The Line up

Extra-credit reading

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Architecture Overview: The Dell Cloud Solution for Web Applications

February 10, 2011

Last November, Dell announced the Dell Cloud Solution for Web Applications.   This turnkey offering is composed of Dell systems and Joyent Software along with a reference architecture all supported by Dell services.  This solution enables a private Platform as a Service (PaaS) environment to support the development and testing of languages such as PHP, Perl, Python, Ruby and Java.

This solution is designed for hosters and telcos who are looking to provide public PaaS offerings.  An example of this is Uniserve, a Canadian Internet services provider.  Uniserve has adopted the Dell Cloud Solution for Web Applications to offer on-demand access to a high-performance Internet application and consumer delivery platform, for customers to develop iPhone apps to commercial storefronts, to hosting and delivering Software-as-a-Service.

Check out the short video above where Dell Data Center Solutions architect Brian Harris  provides a high level overview of the Dell Cloud Solution for Web Applications architecture.

Some of the areas Brian covers:

  • Purpose build hardware
  • Smart OSs
  • Smart machines
  • Self-service portal
  • Dell Support

Extra-credit reading

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DCS systems, solutions and MDC steal show at Dell sales kick-off

February 1, 2011

Every year at the end of January Dell holds a giant kick-off meeting for our enterprise and public sales forces.  The event, which has been held in Las Vegas the last two years, is a four-day happening consisting of keynotes, sessions and a full-scale expo where the sales team can touch and learn first-hand about the latest and greatest in Dell solutions and offerings.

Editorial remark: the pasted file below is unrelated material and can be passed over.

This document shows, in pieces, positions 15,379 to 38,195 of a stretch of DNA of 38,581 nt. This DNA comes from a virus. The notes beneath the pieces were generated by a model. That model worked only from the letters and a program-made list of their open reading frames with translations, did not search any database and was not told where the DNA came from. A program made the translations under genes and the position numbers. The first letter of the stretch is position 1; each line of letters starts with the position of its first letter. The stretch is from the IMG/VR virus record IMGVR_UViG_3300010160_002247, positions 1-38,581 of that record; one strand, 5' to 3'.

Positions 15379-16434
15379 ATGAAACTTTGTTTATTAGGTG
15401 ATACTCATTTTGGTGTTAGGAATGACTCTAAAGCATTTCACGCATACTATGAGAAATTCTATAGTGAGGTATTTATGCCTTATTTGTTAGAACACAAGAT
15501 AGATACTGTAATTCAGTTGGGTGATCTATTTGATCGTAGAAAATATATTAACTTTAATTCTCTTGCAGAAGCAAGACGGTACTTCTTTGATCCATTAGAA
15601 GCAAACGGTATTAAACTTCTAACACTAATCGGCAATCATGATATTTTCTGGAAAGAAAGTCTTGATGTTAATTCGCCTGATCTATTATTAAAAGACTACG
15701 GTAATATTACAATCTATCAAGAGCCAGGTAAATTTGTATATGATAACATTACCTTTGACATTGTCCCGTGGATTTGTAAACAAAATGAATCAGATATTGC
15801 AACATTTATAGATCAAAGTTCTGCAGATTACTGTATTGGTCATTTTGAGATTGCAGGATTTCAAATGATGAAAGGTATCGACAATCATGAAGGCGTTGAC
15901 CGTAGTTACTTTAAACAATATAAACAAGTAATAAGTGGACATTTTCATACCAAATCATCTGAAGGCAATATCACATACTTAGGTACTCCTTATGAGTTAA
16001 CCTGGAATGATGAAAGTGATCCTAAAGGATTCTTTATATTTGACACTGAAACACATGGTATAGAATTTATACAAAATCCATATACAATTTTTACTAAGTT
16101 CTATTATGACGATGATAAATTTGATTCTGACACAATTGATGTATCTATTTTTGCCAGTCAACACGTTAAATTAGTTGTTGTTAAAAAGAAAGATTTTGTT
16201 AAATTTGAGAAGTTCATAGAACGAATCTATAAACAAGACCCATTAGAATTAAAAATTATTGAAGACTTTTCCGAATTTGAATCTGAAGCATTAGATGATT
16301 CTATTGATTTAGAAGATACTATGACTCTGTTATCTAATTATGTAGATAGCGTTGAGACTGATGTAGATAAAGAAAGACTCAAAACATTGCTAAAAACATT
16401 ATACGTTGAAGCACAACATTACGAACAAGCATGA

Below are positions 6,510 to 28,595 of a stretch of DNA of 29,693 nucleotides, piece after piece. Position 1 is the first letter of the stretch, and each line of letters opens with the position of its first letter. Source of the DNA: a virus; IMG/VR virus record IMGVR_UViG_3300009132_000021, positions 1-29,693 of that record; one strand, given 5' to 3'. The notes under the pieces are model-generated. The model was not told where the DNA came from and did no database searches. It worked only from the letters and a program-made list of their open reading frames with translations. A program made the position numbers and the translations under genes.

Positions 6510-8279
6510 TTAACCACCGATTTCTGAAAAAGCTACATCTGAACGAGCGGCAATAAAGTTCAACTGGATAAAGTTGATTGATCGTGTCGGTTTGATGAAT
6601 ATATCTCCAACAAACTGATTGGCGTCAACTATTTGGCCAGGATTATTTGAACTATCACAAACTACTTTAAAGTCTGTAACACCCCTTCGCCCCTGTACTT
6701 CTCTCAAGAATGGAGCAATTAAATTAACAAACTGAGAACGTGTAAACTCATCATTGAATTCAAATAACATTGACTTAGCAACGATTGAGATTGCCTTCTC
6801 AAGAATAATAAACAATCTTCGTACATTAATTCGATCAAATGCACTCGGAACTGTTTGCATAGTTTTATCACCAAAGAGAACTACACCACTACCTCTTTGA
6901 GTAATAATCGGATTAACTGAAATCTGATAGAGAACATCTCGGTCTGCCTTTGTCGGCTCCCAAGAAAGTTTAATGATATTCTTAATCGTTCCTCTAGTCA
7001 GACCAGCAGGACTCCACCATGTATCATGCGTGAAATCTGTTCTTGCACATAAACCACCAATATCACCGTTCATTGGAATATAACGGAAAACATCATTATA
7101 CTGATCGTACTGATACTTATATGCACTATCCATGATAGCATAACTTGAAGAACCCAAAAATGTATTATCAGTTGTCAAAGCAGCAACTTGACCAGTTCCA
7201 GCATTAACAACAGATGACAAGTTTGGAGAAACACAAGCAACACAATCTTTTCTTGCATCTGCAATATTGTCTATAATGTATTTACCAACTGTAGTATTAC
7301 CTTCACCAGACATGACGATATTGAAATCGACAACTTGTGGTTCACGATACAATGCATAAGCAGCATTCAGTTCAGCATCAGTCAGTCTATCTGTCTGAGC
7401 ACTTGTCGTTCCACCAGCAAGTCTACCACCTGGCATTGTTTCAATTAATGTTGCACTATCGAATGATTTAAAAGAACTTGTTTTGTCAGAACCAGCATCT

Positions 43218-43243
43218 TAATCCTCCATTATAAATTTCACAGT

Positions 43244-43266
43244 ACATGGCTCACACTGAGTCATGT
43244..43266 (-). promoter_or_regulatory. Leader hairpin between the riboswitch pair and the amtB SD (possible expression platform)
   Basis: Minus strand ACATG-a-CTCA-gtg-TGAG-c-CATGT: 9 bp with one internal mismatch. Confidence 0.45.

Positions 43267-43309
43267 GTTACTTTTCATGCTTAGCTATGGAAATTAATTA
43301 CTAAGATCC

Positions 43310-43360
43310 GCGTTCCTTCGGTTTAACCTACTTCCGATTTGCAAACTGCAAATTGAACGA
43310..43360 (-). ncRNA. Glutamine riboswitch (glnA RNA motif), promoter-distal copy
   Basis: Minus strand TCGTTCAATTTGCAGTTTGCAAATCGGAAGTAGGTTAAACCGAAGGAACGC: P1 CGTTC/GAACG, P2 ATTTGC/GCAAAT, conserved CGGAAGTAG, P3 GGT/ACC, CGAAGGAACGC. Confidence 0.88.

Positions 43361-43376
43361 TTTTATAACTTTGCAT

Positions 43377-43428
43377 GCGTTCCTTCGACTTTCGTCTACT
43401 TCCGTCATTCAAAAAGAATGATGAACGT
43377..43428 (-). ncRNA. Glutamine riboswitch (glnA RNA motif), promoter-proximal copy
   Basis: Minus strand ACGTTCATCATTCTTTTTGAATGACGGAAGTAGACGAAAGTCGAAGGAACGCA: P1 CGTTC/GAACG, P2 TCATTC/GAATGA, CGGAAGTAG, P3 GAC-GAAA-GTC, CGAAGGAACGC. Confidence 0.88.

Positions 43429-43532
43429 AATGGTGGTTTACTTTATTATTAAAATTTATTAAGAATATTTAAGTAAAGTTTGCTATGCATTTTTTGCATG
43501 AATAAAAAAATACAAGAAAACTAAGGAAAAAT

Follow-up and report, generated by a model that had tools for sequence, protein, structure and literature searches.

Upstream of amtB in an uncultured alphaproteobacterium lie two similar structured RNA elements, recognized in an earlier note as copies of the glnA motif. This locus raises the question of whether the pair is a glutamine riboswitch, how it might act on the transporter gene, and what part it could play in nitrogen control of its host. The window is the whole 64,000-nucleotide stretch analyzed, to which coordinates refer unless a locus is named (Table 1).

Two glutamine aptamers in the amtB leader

Setting up the DCS Modular Data Center on the expo floor

At last year’s sales kick-off, the Data Center Solutions (DCS) group had our big coming out party, letting the sales force know that we would be expanding beyond our elite custom system business, with a specialized PowerEdge C line and a set of cloud solutions.

This year the systems and solutions have been out in the market for a little while and we were able to share actual case studies with the attendees showing how our systems and solutions have been able to solve real customer problems.  The big new addition to the DCS line up was our Modular Data Center (MDC) which, until just a few months ago, was reserved only for a very small group of select customers.

Gearing up for day two of both duty at the DCS booth.

As you can tell from the picture above, the MDC took up a big part of our booth.  It served to house our PowerEdgeC servers and host a selection of our cloud solutions:

Additionally, to provide a peak at what PowerEdge C systems we have up our sleeve, we had several units in an uber secret whisper suite.

Our overall message at the booth was that although these components can be used individually, if you want to run “the world’s most efficient hyperscale data center” you’ll want to combine these optimized solutions and systems with the MDC into one hyper-efficient, integrated system.

Well received

Now as a member of the DCS team I may be a little biased but I really think we had the coolest booth there 🙂  It was great to hear comments from the sales force such as “this is awesome!” and “why didn’t I know about this?!”

We’ll have to start now to figure how we will top this next year.

Extra-credit reading

Pau for now…


Dell brings Joyent to the world

November 19, 2010

Joyent has been a provider of cloud services for the past five years, longer than the term cloud itself has been around.  Today at a press conference in San Francisco, Dell announced the availability of the Dell Cloud Solution for Web Applications which offers the software from Joyent as a turnkey platform-as-a-service offering.  This private cloud offering is offered on Dell’s specialized cloud servers and is targeted at IT service providers, hosting companies and telcos.

Up and running

One of the first customers to pick up and run with this offering is Uniserve, a Canadian Internet services provider.  Uniserve has adopted the Dell Cloud Solution for Web Applications to offer on-demand access to a high-performance Internet application and consumer delivery platform, for customers to develop iPhone apps to commercial storefronts, to hosting and delivering Software-as-a-Service.

Thoughts from the top

Joyent CEO, David Young is featured in the short video above addressing the following questions about the Dell/Joyent solution: